The Forgery Act 1830

A new method of dealing with punishment was needed, as the death penalty was increasingly problematic and whippings (and other such punishments) were seen as not harsh enough. The answer came in 1718 with the introduction of transportation. This was useful to the authorities as not only was it viewed as an intermediary sentence, but also certain types of criminals, such as highwaymen, were beginning to gain a certain kudos and respect among the masses and execution meant martyrdom. Initially transportation was to the Americas, and following the war of independence in 1775, to Australia.

The Americas were of further use as many of the magistrates in shipping ports (such as Bristol and Liverpool) were also merchants and plantation owners, and so could sentence petty criminals to hard labour in their businesses. Problems with transportation came following the War of Independence, and later, objections from Australia coupled with increasing emigration to these places anyway. This method was abolished in 1857, but new methods of punishment were beginning. Due largely to the changing ideas from punishment to detection and rehabilitation, people began to want less drastic measures.

The main pioneer of this was Robert Peel who in 1823 passed the Gaols Act while in the position of Home Secretary. This was the first piece of national legislation to deal with the many problems of the prison system, now making it a viable alternative to the more brutal methods employed previously. In 1825 Peel also aided with the passing of the Jury Act, which clarified and sorted out the many problems of the jury practice. Peel, arguably the most influential person on the modern legal system, also championed many other important acts, to which many had the aim of reducing the number of capital offences such as the Forgery Act 1830.

However, the one aspect that Peel will probably be most remembered with is the establishment of the Metropolitan Police8, the first modern police force in the world. This suggestion had been dismissed in 1822 by Lord Liverpool, holding a conservative majority in parliament, but increased fears as to the rise of the working classes and Wellingtons more liberal government helped Peels case – he had already helped with the change of the Corn Laws and Tests Act which also faced great resentment. Until this point, the extent to which a policing force was in place can be argued.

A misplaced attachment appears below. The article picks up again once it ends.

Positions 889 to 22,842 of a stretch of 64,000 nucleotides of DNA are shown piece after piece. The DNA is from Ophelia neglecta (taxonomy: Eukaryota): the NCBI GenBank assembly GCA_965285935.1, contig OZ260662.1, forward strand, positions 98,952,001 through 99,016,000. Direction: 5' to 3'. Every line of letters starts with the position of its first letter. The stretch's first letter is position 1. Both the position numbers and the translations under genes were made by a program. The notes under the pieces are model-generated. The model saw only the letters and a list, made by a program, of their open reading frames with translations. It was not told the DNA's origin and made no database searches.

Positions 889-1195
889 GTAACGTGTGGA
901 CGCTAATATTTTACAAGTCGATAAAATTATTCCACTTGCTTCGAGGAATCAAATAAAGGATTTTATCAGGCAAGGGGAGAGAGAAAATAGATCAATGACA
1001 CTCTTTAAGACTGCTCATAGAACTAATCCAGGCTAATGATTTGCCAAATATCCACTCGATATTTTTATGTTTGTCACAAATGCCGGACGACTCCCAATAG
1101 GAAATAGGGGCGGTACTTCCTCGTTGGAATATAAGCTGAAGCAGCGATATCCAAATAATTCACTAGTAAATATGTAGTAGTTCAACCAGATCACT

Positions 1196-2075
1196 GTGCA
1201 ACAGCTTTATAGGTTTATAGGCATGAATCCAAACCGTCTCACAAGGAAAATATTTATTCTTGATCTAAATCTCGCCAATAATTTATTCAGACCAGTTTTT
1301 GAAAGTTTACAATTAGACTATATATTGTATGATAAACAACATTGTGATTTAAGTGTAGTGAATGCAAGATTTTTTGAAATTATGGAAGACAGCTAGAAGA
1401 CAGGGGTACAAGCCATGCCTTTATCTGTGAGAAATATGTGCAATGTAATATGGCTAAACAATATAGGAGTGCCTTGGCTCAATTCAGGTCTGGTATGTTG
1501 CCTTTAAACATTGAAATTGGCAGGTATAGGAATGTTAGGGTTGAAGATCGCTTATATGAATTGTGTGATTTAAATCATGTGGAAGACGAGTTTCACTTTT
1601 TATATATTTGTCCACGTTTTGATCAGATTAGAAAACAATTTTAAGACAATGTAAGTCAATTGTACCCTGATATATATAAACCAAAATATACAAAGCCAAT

Previously the system had developed a little from the principles of 'hue and cry' and Tythings and Hundreds to a system where people were employed by communities to watch over during the night (so called 'nightwatchmen') and a growing field was that of 'thief takers'. These thief takers were employed in order to track down criminals and were paid on delivery of a suspect to the magistrate. However, the development of offering rewards for the return of stolen goods led to many cases of corruption9.

Recognising the many problems, Sir John and Henry Fielding set up the Bow Street Runners in 1748 while acting as magistrates. These runners would be despatched to apprehend a culprit when a crime was reported and would receive there fees from the apprehension and any rewards on offer from the victim. However, this only existed in London and with minimum supervision. In 1800, a further step was taken by Patrick Colquhoun developing the Thames River Police in order to supervise the river and the surrounding property.

Although these forces remained in place after the forming of the Metropolitan Police, it was not too long until they were absorbed. In conclusion we can see that this was possibly the most influential period in the development of the criminal law and the associated institutions. A shift from punishment to the beginnings of rehabilitation took place and the many fundamental concepts of a fair system were beginning to appear to create a solid foundation for what we have now.

The ideas of Justice, equality, reasonableness and the rule of law took over from a simple system of 'you have done me a wrong, I will get my revenge'. Social and political changes gave us a shift from crime being a purely personal matter to crime being a matter for legislation and thus a breaking of codes (technically) chosen by representatives of the people as a whole. Despite many objections from those in control, the legal system was forced to change to follow the emerging ideas of the masses.

The extent to which this was just a shift of control and control by new means could be argued, but it is a fact that by 1850 many more people were in control making the system more just. As democracy was developed, so must the law. With the increase in complexities of people's everyday life, the governance of society must develop to fit in with these changes. No longer was a system of ad-hoc principles and personal law suitable to the new industrial towns and cities and regulation and detection needed to be taken out of the hands of the individual.

The developments were problematic with people fearing the loss of control, however it remains that changes were acceptable and so a matter of time was required for people to get used to the forward thinking ideas. These changes also show us that not everyone can be happy with any change made, and during this period it began to be accepted that it is important to please the majority most of the time.